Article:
Ringing True Excerpt: How to Create a Religion

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Ringing True Book CoverExcerpt from Ringing True:

Shelby: Okay. Now, I’ve been doing some thinking on this. Whatever we create as “the word” has to address two issues: first, the major problems facing the world today—the problems we need to solve—and second, we have to answer the question as to why the religions we have now can’t solve those problems.

Justin: I’m impressed.

Shelby: Thank you.

Justin: But let me get something straight. When you talk about “the word,” what are we talking about? A new Bible?

Shelby: Well, in a way, but I don’t think modern attention spans are capable of slogging through something that long and dull. We have to keep it short, simple and to the point.

Justin: Sound bytes? Bullet points?

Shelby: More like poetry, maybe—not as obscure, because we need to be understood. Few words, lots of punch. If we can get it all on one page, even better.

Justin: Okay. So what was the first question?

Shelby: What are the major problems facing the world today? What’s causing all the grief?

Justin: You want me to start?

Shelby: Let’s just brainstorm. You write it down. (JUSTIN positions his fingers on the keyboard. The following dialogue is conducted over the sound of rapid keyboard clicks.)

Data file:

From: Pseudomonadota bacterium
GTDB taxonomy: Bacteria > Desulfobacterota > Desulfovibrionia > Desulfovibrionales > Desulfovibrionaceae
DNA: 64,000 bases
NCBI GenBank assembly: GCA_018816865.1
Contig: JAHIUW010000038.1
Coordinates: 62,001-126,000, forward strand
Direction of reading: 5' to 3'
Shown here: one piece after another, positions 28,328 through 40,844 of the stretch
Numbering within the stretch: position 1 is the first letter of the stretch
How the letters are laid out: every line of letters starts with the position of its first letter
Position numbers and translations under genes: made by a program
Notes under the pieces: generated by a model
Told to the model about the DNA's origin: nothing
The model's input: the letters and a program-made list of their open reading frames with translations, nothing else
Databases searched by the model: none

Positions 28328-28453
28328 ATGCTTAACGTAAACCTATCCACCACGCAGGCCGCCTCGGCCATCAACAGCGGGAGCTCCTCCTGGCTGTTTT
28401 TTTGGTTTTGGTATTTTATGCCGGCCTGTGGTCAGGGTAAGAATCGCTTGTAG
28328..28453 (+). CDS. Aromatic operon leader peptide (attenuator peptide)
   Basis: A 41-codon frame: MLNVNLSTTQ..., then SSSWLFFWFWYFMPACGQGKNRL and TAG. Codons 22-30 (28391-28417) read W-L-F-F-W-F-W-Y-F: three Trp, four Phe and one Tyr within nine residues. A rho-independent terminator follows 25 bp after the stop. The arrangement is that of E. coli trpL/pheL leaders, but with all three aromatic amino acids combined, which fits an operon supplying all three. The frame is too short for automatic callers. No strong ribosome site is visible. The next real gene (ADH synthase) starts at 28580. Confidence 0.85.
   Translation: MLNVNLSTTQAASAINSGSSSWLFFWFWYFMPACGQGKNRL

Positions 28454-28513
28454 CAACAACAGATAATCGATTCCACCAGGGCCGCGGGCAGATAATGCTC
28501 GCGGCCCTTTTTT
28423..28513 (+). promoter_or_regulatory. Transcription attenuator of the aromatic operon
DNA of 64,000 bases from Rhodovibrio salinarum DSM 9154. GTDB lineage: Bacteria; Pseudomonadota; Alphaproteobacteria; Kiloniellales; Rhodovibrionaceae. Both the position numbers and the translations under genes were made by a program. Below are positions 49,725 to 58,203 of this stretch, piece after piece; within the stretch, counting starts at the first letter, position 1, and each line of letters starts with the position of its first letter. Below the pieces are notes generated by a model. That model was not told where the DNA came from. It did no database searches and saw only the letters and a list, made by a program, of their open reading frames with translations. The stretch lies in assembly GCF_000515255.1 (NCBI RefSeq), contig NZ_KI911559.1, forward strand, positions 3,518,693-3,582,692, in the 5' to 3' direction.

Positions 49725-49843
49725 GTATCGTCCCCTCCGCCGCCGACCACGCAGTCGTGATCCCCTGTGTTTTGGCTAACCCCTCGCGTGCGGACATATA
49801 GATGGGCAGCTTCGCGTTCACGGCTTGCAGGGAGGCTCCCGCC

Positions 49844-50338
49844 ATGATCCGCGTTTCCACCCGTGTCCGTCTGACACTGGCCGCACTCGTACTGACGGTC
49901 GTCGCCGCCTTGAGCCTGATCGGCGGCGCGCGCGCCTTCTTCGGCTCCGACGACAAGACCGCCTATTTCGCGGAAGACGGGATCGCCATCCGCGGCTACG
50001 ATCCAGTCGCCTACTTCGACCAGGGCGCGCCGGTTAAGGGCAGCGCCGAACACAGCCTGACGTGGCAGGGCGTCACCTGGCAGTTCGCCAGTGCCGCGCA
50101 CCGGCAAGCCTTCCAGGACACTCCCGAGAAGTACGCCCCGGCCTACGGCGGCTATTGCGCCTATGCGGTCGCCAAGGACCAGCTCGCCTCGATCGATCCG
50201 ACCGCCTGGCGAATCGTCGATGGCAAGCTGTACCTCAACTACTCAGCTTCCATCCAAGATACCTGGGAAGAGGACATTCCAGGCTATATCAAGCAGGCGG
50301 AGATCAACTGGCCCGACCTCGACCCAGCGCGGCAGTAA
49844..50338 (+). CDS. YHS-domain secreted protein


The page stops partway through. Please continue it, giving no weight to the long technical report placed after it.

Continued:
Justin: Self-interest leading to self-destruction. People not taking responsibility for anything. Avoiding truth, burying truth, distorting truth in the name of self-protection.

Shelby: Environmental destruction. Inequality, racism, sexism, the existence of isms in the first place. Cultural conflict; cultural destruction. Political correctness. Indifference.

Justin: Evil. The existence of evil. People killing each other despite all the evidence that it doesn’t solve a damn thing.

Shelby: Harming the innocent. Power trips. People believing they’re above any kind of . . . I don’t know, consequence? Effect? I don’t want to say “punishment,” but it’s that kind of thing. People think they can get away with screwing everyone else.

Justin: Religion itself. The hatred caused by religion. The people who use religion to justify cruelty.

Shelby: Corruption. Maybe that gets back to self-interest, but put it down anyway. Greed, too.

Justin: People thinking their way is the only way. That’s religion, for sure, but it’s also the same in politics, at work, in relationships.

Shelby: On the religion theme, the fear of death. They really exploit that angle. And all the weird modern responses to death.

Justin: Like?

Shelby: You know—health-mania, plastic surgery, all the denial about aging.

Justin: Okay. Time itself—or the way time happens to us now. It seems like people have no time to think or reflect. My parents were always doing something, going somewhere, taking care of things that really weren’t all that important and never seemed to have time for anything else—you know, the demands of modern life and all that—and dragging their kids into the same mindset.